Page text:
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Introduction to the Course

3700411ae81a5ba151f9946dcb59c386?s=47 nichsara
January 22, 2013

Introduction to the Course



January 22, 2013


  1. Welcome  to     Survey  of  Western  Art  I  

    (FINE  2600_001)   Sarah  Nichols   Sarah.A.Nichols@ucdenver.edu     Office  Hours:  9:30-­‐11:00  T  Th  Tavern  Lounge  
  2. Syllabus  &  Blackboard  

  3. Blackboard   Blackboard  will   be  your  portal   for

     all  class   material.  
  4. Required  Textbook   Get  it  at…    Auraria  Campus  

    Bookstore  (Friday)    Amazon    Half.com     Make  sure  you  get  the     5th  Edi(on.     Marilyn  Stokstad  and  Michael  W.   Cothren,  Art  History,  Volume  1  
  5. Op]onal:  A  Short  Guide  to  Wri1ng   about  Art  by

     Sylvan  Barnet     Available  at:    Auraria  Campus   Bookstore    Amazon.com    Half.com    Auraria  Library  Reserve    
  6. Grade  Distribu]on   •  25%  Midterm   •  30%  Final

      •  10%  Catalog  Entry   •  15%  Mythological   Comparison   •  20%  Image/Text   My  Grades  on   Blackboard  will   automa]cally   calculate  your   grade.  
  7. Wri]ng  Assignments   Catalog  Entry  Due  02/14   Mythological  

    Comparison  Due  04/26   Image/Text  Due  05/2   Full  Instruc]ons,  Supplementary  Materials,  and   Rubrics  are  available  on  Blackboard   !Mythological Comparison Instructions Due: Thursday April 11, 2013 Prompt: One of the most interesting aspects of classical mythology is the variety with which myths can be told, retold and, represented. In this assignment, you will write an essay that compares and contrasts two interpretations of one of the many adventures of the hero Odysseus (also called Ulysses) had on his journey home after Trojan War—his perilous encounter with the sirens (also called seirens). Format: Your essay should be organized around a thesis statement, which is supported by a thorough comparison of the two objects, how they represent the myth, and their formal qualities. When comparing the two depictions, be sure to identify each of the figures in the scene by name and determine the different versions of the myth being presented. To help you understand the “Judgment of Paris,” it is recommended that you refer to the attached selections from Timothy Gantz’s Early Greek Myth and Jennifer Neils’ “Les Femmes Fatales: Skylla and the Sirens in Greek Art.” This short reading outlines the different versions of the myth that occur in Greek literature and pottery. Issues you may consider: While formulating your thesis, you may ask yourself the following questions: What part of the story is each image portraying? What version of the myth does each image represent? What are some significant differences between the two representations? How do those differences create a distinct interpretation of the chosen story? How do their respective contexts (date/location) change the story being told and the methods by which it is told? Remember the more specific your thesis is, the better it will be. Requirements: Your paper should be around three to four pages double spaced with one-inch margins using Times New Roman. The best papers will be well-organized analyses organized around a central observation, or THESIS STATEMENT with supporting paragraphs that utilize appropriate examples from the images or the provided texts. A reader should be able to follow your reasoning, observations and descriptions. Be thorough, be organized and be specific in your references. Figure 2, William Etty, Ulysses and the Sirens, 1836. Figure 1, “Odysseus and the Sirens” (Detail), Attic Red-Figure Stamnos, Attributed to the Siren Painter, c. 480-470 BCE.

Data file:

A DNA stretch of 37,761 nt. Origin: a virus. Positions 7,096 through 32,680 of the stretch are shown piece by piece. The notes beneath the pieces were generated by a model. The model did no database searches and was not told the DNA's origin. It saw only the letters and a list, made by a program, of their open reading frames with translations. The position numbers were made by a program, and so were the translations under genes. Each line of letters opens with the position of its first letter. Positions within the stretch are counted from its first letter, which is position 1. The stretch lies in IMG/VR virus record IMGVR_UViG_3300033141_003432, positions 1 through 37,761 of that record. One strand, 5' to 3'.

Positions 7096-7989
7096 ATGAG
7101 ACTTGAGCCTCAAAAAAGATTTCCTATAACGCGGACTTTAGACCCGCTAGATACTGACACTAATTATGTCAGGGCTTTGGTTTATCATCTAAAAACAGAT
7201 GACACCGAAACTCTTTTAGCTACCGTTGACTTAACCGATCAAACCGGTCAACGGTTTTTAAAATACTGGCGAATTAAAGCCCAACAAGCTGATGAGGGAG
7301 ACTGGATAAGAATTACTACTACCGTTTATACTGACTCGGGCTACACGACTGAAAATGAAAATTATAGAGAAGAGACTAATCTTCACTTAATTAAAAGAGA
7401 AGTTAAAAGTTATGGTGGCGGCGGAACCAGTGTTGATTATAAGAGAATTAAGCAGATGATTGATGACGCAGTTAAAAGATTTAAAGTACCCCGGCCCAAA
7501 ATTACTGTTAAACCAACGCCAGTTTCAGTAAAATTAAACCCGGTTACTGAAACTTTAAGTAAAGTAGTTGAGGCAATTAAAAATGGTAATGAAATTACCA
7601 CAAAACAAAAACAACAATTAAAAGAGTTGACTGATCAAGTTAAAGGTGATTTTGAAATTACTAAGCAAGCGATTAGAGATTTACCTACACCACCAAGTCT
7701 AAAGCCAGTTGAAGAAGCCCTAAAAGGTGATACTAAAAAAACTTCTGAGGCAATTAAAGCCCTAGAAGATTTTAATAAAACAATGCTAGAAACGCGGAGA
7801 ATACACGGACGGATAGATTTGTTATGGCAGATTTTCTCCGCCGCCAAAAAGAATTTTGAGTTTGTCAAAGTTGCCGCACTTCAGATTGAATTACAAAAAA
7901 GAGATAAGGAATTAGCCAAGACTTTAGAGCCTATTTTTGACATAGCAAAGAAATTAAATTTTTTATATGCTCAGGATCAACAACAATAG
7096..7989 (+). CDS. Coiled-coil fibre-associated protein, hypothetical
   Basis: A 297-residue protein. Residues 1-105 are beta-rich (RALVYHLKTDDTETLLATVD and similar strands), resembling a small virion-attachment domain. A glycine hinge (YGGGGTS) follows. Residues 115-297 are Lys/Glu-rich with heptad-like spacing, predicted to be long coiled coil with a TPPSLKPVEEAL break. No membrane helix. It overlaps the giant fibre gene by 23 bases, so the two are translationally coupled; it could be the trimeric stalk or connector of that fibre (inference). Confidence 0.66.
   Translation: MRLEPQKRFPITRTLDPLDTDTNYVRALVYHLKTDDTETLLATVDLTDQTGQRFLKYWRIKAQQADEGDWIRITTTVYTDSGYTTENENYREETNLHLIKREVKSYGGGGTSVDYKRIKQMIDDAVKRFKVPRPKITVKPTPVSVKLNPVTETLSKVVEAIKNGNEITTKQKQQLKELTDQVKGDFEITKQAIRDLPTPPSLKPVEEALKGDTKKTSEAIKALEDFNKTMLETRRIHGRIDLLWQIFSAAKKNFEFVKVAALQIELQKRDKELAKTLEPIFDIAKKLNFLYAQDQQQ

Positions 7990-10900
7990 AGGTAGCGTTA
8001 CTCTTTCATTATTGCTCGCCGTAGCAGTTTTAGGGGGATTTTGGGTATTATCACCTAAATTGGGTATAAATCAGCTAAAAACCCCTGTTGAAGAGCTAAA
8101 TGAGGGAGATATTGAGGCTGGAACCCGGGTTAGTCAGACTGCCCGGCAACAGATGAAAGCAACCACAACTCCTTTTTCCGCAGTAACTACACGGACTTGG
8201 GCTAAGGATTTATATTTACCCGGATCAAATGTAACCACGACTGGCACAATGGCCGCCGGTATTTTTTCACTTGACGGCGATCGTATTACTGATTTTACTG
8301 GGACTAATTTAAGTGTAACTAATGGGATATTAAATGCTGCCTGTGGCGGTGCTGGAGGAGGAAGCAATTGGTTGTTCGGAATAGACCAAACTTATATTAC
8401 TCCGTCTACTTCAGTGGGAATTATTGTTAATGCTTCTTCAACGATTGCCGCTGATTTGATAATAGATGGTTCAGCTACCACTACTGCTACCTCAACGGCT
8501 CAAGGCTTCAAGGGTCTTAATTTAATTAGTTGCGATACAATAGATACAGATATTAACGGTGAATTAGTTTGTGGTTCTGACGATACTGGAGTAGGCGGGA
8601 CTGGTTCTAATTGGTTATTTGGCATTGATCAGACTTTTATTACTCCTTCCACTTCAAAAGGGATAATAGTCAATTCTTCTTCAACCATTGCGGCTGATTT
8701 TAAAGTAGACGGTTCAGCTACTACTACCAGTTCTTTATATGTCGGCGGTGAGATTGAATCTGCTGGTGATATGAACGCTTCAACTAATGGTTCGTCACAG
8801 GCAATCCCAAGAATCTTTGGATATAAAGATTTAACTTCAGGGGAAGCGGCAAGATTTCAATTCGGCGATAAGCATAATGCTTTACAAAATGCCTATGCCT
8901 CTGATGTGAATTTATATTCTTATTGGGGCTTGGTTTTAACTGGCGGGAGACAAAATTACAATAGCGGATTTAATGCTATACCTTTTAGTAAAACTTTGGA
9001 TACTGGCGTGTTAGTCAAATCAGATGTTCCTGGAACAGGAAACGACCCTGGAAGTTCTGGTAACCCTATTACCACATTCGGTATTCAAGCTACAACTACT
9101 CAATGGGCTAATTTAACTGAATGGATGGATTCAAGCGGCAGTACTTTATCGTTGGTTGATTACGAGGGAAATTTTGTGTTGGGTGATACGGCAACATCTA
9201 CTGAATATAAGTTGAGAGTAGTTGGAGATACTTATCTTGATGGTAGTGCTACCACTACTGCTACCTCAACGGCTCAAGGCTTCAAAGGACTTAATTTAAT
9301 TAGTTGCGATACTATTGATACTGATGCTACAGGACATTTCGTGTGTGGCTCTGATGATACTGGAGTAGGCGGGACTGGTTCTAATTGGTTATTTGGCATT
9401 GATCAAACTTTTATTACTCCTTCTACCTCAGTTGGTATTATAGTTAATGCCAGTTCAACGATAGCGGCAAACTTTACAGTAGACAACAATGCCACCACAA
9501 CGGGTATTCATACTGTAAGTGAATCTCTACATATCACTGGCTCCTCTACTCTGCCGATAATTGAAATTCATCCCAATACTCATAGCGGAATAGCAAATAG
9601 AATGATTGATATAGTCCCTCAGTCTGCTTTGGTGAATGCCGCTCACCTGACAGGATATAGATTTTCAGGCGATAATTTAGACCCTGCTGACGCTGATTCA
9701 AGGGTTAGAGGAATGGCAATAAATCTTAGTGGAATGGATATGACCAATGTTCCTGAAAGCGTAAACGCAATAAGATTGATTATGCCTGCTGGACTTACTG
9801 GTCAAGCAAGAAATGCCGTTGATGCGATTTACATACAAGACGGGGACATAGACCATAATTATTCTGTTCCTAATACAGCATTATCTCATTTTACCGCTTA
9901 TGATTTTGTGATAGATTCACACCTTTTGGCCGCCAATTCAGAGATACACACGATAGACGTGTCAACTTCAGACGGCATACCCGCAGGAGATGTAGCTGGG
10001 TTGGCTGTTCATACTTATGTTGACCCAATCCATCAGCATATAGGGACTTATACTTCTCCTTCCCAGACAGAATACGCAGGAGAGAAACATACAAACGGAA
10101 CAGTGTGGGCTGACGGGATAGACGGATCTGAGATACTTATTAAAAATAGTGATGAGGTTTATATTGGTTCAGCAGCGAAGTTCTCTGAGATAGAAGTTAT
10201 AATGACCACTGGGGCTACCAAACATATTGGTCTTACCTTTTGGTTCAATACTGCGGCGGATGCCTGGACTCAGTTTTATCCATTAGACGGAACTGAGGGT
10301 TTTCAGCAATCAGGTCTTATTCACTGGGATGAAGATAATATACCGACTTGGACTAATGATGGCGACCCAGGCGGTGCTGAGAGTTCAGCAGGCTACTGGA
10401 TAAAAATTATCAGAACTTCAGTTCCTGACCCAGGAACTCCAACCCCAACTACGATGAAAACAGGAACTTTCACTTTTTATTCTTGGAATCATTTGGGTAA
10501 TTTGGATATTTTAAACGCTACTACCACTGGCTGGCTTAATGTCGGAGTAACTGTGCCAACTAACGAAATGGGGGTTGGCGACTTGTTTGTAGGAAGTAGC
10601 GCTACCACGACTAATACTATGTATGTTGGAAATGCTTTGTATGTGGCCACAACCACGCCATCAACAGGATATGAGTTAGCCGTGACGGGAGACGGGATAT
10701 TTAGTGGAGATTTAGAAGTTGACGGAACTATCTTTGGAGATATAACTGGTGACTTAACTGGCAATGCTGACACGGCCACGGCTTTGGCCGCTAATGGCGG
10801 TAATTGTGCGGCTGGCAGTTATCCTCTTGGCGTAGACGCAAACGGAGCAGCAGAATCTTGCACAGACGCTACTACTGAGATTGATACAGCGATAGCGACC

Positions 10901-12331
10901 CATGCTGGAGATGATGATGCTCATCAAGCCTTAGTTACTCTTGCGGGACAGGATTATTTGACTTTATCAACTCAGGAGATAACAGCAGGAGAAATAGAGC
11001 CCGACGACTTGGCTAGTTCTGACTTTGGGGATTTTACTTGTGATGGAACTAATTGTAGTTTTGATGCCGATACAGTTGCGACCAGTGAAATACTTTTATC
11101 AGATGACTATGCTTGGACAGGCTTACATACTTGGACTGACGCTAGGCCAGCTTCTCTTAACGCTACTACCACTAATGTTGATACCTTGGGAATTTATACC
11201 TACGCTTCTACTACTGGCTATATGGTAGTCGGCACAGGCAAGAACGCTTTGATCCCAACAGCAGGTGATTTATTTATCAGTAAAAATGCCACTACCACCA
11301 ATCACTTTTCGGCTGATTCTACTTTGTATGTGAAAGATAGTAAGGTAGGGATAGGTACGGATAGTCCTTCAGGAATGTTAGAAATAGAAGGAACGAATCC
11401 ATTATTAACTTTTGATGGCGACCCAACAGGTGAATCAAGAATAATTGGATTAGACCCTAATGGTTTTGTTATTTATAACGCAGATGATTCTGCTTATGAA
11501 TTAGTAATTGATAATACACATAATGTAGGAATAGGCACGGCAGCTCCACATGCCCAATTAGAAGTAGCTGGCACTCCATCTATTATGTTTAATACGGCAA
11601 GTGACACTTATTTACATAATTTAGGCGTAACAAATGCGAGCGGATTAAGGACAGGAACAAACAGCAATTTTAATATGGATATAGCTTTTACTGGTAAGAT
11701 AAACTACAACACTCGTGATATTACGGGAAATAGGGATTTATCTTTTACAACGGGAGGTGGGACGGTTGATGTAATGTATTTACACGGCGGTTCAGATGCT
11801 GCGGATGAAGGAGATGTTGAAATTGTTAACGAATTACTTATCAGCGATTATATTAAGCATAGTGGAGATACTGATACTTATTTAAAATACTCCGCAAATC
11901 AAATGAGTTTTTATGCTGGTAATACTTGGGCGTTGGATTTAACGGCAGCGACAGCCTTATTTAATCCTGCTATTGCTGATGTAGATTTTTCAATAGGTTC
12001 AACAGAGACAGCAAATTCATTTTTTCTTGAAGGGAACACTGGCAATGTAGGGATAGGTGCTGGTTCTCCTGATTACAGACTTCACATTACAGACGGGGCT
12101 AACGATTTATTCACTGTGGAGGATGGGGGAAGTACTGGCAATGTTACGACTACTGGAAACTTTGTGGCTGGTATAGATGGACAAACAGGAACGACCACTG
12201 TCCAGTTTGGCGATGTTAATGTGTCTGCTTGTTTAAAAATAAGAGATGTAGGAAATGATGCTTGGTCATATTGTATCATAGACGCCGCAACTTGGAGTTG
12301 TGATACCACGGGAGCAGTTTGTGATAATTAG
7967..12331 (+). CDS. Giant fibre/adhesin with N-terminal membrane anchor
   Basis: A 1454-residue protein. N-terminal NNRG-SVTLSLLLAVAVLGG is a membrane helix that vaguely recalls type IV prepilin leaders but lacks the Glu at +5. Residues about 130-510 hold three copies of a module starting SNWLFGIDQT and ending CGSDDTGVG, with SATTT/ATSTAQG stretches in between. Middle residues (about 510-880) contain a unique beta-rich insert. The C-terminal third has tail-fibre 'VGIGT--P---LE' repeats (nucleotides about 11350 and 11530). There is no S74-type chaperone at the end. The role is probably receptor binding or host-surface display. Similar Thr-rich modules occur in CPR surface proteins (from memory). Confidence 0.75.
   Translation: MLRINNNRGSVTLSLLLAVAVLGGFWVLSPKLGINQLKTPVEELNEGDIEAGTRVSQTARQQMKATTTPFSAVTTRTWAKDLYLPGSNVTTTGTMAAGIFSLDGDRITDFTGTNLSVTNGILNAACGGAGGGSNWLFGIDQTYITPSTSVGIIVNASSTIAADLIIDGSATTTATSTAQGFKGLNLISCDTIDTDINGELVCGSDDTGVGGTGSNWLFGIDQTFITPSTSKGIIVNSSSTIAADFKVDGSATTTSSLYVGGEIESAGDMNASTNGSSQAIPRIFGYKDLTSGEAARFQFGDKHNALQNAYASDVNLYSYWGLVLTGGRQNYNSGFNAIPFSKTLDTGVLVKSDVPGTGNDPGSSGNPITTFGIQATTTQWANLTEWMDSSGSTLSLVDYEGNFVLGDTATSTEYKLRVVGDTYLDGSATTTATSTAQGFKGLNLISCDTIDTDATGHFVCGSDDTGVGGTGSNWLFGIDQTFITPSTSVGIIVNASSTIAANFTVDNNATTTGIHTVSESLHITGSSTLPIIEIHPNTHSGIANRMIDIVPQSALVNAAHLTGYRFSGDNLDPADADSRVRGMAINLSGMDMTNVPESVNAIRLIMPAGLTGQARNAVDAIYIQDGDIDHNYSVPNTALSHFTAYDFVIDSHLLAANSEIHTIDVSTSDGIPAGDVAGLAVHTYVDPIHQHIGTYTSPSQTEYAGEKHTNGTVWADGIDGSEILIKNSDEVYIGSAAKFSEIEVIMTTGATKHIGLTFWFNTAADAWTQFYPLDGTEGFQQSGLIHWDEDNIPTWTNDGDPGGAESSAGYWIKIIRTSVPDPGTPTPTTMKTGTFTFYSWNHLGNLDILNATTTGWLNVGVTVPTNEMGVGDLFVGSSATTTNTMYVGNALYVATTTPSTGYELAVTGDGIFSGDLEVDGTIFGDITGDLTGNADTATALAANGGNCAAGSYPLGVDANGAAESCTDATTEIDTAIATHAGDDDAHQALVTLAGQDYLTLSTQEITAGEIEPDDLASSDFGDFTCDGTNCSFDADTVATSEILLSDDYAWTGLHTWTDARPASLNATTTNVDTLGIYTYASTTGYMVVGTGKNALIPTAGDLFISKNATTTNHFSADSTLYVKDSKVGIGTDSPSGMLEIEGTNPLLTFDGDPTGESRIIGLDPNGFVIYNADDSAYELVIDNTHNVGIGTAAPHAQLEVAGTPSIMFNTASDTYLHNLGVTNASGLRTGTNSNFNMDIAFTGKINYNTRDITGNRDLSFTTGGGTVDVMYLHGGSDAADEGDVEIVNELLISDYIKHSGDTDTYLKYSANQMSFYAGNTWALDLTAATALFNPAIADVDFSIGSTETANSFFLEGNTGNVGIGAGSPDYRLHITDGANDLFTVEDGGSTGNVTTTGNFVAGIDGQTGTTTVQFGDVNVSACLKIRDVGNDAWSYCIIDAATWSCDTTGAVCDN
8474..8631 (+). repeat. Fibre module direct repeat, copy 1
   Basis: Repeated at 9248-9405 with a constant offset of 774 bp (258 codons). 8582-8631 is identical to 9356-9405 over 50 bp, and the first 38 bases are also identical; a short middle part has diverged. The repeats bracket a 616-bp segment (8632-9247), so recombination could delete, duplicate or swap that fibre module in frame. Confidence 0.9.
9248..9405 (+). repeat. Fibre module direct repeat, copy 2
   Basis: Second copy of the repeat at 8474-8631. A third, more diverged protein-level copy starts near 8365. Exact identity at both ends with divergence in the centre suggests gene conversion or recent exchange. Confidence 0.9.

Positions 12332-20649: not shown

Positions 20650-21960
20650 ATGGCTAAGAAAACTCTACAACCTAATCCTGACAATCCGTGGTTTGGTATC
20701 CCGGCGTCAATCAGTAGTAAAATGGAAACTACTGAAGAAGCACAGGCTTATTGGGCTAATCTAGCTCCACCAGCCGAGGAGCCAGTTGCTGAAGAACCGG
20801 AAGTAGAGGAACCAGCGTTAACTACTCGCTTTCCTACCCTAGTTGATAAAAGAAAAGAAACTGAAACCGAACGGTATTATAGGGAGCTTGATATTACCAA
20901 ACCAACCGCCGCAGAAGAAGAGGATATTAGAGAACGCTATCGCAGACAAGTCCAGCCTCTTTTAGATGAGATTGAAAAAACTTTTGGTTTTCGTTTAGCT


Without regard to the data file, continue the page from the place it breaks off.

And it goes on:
8. Second  Chance   •  An  extra  week  on  an  assignment:

     This  allows  you   to  hand  in  an  assignment  up  to  a  week  acer  the   posted  deadline.       •  The  opportunity  to  redo  an  assignment:    If  you   did  not  do  well  on  an  assignment,  you  will  un]l   have  a  week  acer  the  assignment  has  been   passed  back  in  class  to  redo  your  assignment.       •  Extra  Credit  on  your  final:    If  you  do  not  use  your   second  chance  for  an  assignment,  you  may  use  it   as  five  points  extra  credit  on  one  of  your  final   exam.  
  9. Exam  Format   Good  to  Know…    Midterm  Exam  Date:

      Thursday  March  22nd      Finals  Week:  May   13th-­‐17th      You  should  do  a  lihle   studying  each  week.    Sec]ons  I  and  II  are   pulled  from  your  daily   monument  list.     Exam  Format     Sec]on  I:  Slide  IDs  (10)    Ar1st/Architect    Title    Culture/Stylis1c  Period    Cultural  Significance     Sec]on  II:  Chronology    (3)    Place  Slides  in  Proper    Chronological  Order.     Sec]on  III:  Essay  (2)   Essays  are  formed  from   your  cri]cal  thinking   ques]ons.